Practical Science on Movement and Pain

Watch Your Back: Mirrors Reduce Back Pain

images-22I just read an interesting paper from Lorimer Moseley‘s group about how looking at your back in the mirror can reduce back pain. The paper describes a simple study where people with back pain were asked to make numerous repetitive provocative movements of the low back under two conditions: one group was able to see their back moving in a mirror, while the other group could not. The group that received visual feedback from the mirror experienced less pain after the movements and for a shorter duration.

Now the effects seen in the study were not so dramatic as to suggest that staring at your backside in the mirror all day would be a miracle cure for back pain. But it does raise an interesting question about the mechanism of the effect. Why should looking at your back make it hurt less? The discussion section of the paper provides an interesting analysis of the role of nonthreatening sensory feedback in reducing pain.

Seeing it helps for many things

The authors note that case studies have found that visual feedback can reduce pain in a number of conditions, including phantom limb pain, CRPS, brachial plexus avulsion and fibromyalgia. It is also known that viewing oneself causes a number of physiological responses, including changes in sensory experience, the perceived location of a body part, and increased excitability of motor pathways.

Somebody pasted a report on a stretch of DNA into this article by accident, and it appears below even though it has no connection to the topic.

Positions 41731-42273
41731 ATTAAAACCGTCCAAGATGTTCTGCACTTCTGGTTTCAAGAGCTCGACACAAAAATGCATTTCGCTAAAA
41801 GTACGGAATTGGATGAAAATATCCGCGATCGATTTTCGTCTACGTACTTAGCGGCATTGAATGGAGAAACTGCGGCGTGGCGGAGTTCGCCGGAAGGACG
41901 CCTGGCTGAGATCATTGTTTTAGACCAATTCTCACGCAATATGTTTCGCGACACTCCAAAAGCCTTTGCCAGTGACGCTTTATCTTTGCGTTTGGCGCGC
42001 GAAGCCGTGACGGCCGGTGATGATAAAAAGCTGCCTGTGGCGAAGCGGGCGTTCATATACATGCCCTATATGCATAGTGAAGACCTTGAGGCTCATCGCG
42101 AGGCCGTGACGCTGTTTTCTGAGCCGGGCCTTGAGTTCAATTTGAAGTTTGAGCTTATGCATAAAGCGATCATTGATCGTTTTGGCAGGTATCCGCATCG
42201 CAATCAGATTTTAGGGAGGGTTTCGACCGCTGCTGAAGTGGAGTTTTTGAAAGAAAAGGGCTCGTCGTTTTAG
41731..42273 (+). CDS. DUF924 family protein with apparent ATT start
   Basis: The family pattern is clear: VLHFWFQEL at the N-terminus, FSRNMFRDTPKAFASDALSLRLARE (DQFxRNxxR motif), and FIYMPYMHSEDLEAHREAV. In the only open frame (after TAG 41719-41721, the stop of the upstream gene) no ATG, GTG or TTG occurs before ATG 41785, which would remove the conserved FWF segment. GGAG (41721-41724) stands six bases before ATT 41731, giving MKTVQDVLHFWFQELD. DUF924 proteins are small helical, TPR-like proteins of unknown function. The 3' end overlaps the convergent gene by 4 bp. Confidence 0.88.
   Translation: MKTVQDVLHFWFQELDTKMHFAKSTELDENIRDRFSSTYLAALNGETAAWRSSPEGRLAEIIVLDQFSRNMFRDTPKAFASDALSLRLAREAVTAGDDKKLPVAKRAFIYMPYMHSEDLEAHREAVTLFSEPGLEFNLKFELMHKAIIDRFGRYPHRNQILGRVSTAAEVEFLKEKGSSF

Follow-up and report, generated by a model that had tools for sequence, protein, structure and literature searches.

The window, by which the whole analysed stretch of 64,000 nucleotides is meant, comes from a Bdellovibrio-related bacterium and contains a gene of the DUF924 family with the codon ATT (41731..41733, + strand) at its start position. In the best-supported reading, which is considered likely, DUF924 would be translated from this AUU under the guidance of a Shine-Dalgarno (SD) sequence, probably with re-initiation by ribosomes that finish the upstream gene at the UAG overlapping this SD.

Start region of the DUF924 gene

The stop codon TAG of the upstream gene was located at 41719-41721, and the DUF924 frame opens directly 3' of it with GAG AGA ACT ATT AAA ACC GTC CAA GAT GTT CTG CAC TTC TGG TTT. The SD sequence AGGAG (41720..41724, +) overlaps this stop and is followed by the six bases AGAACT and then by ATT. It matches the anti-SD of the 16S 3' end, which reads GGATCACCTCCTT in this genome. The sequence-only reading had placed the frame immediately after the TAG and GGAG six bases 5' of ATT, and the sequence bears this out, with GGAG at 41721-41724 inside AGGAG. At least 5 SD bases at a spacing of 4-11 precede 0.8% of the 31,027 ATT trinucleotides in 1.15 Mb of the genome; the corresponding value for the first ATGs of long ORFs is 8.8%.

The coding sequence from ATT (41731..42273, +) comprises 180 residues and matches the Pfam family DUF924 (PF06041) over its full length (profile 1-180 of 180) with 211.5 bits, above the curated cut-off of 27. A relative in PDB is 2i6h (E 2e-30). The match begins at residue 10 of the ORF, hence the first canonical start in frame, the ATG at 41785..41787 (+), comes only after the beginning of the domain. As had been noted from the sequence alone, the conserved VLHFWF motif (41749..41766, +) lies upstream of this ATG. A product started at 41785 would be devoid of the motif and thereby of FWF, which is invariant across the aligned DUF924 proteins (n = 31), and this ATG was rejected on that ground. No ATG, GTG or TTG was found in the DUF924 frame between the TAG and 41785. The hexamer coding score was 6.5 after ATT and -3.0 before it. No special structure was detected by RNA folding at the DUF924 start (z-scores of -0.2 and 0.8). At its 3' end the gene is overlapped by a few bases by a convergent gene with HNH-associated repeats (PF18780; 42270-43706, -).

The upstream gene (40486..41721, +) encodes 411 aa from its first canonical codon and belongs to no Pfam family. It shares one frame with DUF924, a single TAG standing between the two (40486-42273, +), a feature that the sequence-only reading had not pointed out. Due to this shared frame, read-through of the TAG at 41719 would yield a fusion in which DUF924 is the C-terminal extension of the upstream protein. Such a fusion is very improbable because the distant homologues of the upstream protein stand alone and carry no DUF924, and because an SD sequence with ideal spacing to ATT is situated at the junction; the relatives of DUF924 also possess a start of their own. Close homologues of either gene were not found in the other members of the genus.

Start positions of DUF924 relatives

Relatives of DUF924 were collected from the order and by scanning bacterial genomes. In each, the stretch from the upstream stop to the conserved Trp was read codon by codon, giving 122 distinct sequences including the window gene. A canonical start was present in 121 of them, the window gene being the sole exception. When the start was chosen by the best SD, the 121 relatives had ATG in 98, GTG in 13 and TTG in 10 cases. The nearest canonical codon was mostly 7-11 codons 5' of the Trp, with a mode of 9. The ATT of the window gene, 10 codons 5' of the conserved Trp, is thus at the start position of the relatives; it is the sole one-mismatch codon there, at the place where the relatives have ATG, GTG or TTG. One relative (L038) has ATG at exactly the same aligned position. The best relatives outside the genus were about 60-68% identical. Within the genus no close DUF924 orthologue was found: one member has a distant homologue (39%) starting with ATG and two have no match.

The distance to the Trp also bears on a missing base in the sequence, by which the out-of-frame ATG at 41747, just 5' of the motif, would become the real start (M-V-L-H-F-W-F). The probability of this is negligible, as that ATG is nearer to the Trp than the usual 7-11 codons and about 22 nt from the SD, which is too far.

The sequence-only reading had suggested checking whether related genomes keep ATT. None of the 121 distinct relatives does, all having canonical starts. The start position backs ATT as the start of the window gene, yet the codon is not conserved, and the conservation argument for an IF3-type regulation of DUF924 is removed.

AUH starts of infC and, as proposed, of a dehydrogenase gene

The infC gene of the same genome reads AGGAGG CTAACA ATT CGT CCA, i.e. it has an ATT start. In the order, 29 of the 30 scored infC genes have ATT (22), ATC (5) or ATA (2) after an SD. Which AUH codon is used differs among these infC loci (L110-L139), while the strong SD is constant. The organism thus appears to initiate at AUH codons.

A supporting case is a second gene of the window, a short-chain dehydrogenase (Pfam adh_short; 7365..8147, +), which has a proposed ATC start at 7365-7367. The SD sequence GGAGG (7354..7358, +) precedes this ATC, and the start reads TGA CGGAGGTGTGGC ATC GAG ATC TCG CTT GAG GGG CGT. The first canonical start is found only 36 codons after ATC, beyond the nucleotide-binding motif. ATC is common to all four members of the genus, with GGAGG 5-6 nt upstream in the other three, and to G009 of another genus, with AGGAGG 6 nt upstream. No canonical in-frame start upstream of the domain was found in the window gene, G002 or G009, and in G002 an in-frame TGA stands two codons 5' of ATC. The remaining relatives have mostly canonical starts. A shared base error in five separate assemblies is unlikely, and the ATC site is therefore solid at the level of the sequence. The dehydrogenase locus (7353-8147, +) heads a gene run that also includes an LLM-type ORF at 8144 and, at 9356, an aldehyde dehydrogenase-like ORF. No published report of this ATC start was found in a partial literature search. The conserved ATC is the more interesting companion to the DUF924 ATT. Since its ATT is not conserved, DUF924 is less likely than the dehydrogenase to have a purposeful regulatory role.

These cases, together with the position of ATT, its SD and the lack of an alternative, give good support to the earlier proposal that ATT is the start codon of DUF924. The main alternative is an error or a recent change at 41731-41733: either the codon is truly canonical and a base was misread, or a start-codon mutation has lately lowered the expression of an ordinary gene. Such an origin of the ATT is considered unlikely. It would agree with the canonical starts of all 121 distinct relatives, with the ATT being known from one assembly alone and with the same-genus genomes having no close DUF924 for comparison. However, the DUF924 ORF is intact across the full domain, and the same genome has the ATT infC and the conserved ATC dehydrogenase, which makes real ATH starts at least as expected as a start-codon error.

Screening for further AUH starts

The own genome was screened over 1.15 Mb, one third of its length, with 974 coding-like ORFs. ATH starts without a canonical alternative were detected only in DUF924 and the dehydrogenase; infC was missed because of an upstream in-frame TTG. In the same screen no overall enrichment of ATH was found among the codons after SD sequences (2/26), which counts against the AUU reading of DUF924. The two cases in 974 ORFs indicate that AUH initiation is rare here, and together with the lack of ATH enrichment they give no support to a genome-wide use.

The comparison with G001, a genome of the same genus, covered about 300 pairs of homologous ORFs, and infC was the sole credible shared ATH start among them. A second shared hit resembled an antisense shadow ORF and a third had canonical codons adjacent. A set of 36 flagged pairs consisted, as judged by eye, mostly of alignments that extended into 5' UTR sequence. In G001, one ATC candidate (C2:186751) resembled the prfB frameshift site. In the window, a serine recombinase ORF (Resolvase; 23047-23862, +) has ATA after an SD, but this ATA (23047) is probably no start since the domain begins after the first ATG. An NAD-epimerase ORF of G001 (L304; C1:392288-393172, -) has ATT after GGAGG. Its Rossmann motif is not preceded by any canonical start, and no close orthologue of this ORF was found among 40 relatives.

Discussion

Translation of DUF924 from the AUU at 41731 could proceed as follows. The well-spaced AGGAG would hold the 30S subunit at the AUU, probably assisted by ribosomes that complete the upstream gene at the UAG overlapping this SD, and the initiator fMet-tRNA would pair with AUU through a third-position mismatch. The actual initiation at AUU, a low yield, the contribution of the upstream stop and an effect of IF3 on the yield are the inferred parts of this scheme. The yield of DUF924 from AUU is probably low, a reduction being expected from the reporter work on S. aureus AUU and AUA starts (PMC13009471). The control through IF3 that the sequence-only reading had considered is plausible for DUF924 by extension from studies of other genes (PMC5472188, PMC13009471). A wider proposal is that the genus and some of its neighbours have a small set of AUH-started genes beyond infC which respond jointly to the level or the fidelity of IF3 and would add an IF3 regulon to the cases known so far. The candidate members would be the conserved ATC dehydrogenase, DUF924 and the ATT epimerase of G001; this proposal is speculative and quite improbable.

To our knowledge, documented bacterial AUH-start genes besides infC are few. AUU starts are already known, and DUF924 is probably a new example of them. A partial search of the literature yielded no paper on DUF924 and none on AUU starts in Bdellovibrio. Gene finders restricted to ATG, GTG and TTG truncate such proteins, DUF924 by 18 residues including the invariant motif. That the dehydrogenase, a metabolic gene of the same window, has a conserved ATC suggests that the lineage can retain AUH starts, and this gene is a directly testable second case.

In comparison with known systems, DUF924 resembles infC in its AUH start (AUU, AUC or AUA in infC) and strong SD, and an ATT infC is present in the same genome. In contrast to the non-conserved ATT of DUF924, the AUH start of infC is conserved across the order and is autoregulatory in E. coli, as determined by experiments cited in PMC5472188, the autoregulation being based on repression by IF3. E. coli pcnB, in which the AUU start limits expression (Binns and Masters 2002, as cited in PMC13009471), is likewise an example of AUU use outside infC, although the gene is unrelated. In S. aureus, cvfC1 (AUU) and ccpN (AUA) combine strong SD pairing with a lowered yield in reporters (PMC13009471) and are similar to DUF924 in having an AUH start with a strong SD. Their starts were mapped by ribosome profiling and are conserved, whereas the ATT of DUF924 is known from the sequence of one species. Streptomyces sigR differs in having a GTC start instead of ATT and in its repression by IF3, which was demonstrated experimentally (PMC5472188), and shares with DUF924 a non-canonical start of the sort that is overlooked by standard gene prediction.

So why does visual feedback reduce pain? The authors offer several potential explanations.

Correcting sensory motor incongruence

The first explanation involves the concept of sensory motor incongruence (as you may have guessed from the title of this section). As I have discussed previously on this blog, there are numerous researchers who believe that pain related to movement may be caused by a discordance between a motor command and the related sensory feedback. The idea is that when the CNS issues a motor command, it makes predictions about the likely sensory feedback. When the prediction is off, the error is considered a threat which provokes pain.

In support of this idea, there is significant research showing that a wide range of painful conditions can be made better and worse by using reducing or increasing sensorimotor incongruence with visual data that is either informative or illusory.